So after transplanting the new heart into the Z, I realized I didn't plan on using the stock hood/latch and would want to have something lighter eventually, as well as it kept bumping the RB during the install. I cut that crap right out of there! As more times goes on, I regret painting my car earlier as I keep scratching it and giving myself more spots that are unpainted ha. Lesson learned, too late now! I'll fix it eventually after I get to a place of contentment.
Also, I never mentioned this but I picked up these eagle alloy wheels for like $400 or something? I'll need new tires eventually but it made my Z look sick! Look are important
I also bought these off a member on HybridZ who was selling all their parts stash. I figured they'd come in handy when I was ready to upgrade suspension!
I also got around to cleaning up my garage a bit. Picked up a mini stack tool chest for like $60, great deal! That is the last part of my house remodel and I have big plans, but for now this will do!
One thing I realized is my brake MC decided to stop working while it sat. I took it apart to try and clean it out but I couldn't get it working again. So then I bought a kit to rebuild it, but it turned out I had the wrong MC for the job. Only some of the MCs are rebuildable, I had the wrong one ha.
So, sent the kit back and looked at my other options! To buy a new stock MC it was just as expensive as buying 3 used aftermarket cylinders from Tilton/Wilwood. I always wanted to eventually do a dual brake MC setup, so I figured what better time than now?? I picked all three up for like $140 on ebay. They came in this evidence bag, which I thought was pretty funny ha. I decided on a 1" for the front and 3/4" on the rear. I may regret the size but if I do I'll pick up a 1/2" and swap them around. There was also a 1" clutch MC that I figured I'd swap in sometime later, all remote reservoirs! My plan is to mount those inside the cowl to save space!
Anyway, I got to work! I read up a bunch and this thread helped a ton with info, especially when it comes to figuring out the pedal ratio:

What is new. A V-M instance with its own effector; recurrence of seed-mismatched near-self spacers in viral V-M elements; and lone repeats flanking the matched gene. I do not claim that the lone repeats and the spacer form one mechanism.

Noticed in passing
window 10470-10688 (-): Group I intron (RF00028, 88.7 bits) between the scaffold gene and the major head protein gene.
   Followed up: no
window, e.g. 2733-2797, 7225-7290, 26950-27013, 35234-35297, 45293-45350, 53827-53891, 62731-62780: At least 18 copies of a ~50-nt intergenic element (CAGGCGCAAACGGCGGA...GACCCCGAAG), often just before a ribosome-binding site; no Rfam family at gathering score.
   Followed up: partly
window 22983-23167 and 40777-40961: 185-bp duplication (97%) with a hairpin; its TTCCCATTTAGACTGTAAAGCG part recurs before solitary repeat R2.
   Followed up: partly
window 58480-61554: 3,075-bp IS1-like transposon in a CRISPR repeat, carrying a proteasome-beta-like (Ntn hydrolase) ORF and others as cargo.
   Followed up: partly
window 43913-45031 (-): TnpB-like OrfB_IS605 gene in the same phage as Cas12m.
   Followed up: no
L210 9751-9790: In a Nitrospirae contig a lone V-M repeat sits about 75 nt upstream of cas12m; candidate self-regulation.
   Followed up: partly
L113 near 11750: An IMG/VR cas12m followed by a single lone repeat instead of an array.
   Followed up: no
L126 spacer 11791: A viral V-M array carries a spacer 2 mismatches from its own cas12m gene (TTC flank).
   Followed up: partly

The only problem is the freaking pictures from photobucket no longer appear. Screw you PB, ruining all my favorite threads! So here are my pictures of the process, pretty similr to what they talked about! I'll also try to be detailed to help give some info to anyone looking this up in the future. I bought the Tilton 600 series balance bar assembly https://tiltonracing.com/product/600-series-balance-bar-assembly/
First things first, I needed to measure and come up with the correct stroke and figure out how much room I had to play with to drill the bore hole. By my professional chalk on cement measurements show, my brake pedal was 5.25" from the pivot point. I have 5.75" of pedal travel at the outer diameter before hitting the firewall. My original MC Plunger point gave me 3.25" of stroke. In order to get the correct leverage I needed to move the plunger attach point up about .5". That would make it easier to compress without the brake booster. (The measurements were pretty much on point to the thread above.)
My initial drill point, I think I moved it very slightly.
Once I got it dialed in, I used that point with my hole bore and got to drilling!
I had a slight gap due to the slightly bigger bore diameter (I couldn't find the exact size). No worries, close enough!
I then got to welding! I measured the center point and basically just did my best to hold it exactly parallel. After tacking, I double checked center and made sure it was exactly perpendicular to the pedal, then welded it in!
I have little bursts of good welds ha, I wish I was better at welding. Slowly getting better but plenty of room to grow!
Well son of a gun, I realized I warped the bore ever so slightly! I Could no longer get the bearing to fit through. Calling around to machine shops provided me with some expensive options that I could not afford. Hundreds of dollars for this little hole ha. So I thought about it, took my drill, fit the biggest bit I could into the hole and put sticky, 2000 grit sandpaper on it and just drilled it. As it would loosen up, I'd add another strip of sandpaper. I did this for about 10-15 minutes and voila! Perfect once again! I was pleasantly surprised at this one ha.
Slid easily through now, no catching at all!
At the same time, I worked on the framing a bit. First, I just used the hole and marked around it to make a template. Cut it out with an angle grinder and then welded it in!
I also added some bracing to the side to help with flexing, these welds I was pretty happy about!
All smoothed out!
I then made marks on each end of the pedal box so then I could use that to create a center point for the holes I then needed to drill for the MC mounts. I transcribed from that point.
Then I created a center point of tape and made marks with the brake pedal completely open and completely compressed to find the centerline for where the plunger needed to be.
Then, after making those lines, I measured the 1.25" both ways for the center points and test fit it with the balance bar.
Lines up well!
Pilot holes drilled.
Then the bigger holes and other holes were drilled out.
Then I put the bolts through, welded on the back end so they won't turn and spray painted with some primer and black gloss!
Installing into the brake assembly.
I also made a plate on the other side to basically sandwich the firewall and give more strength. I painted that as well. Here they are installed!! I also bent the brake lines later on whcih you can see here, I'll create a post to document that later! Until next time!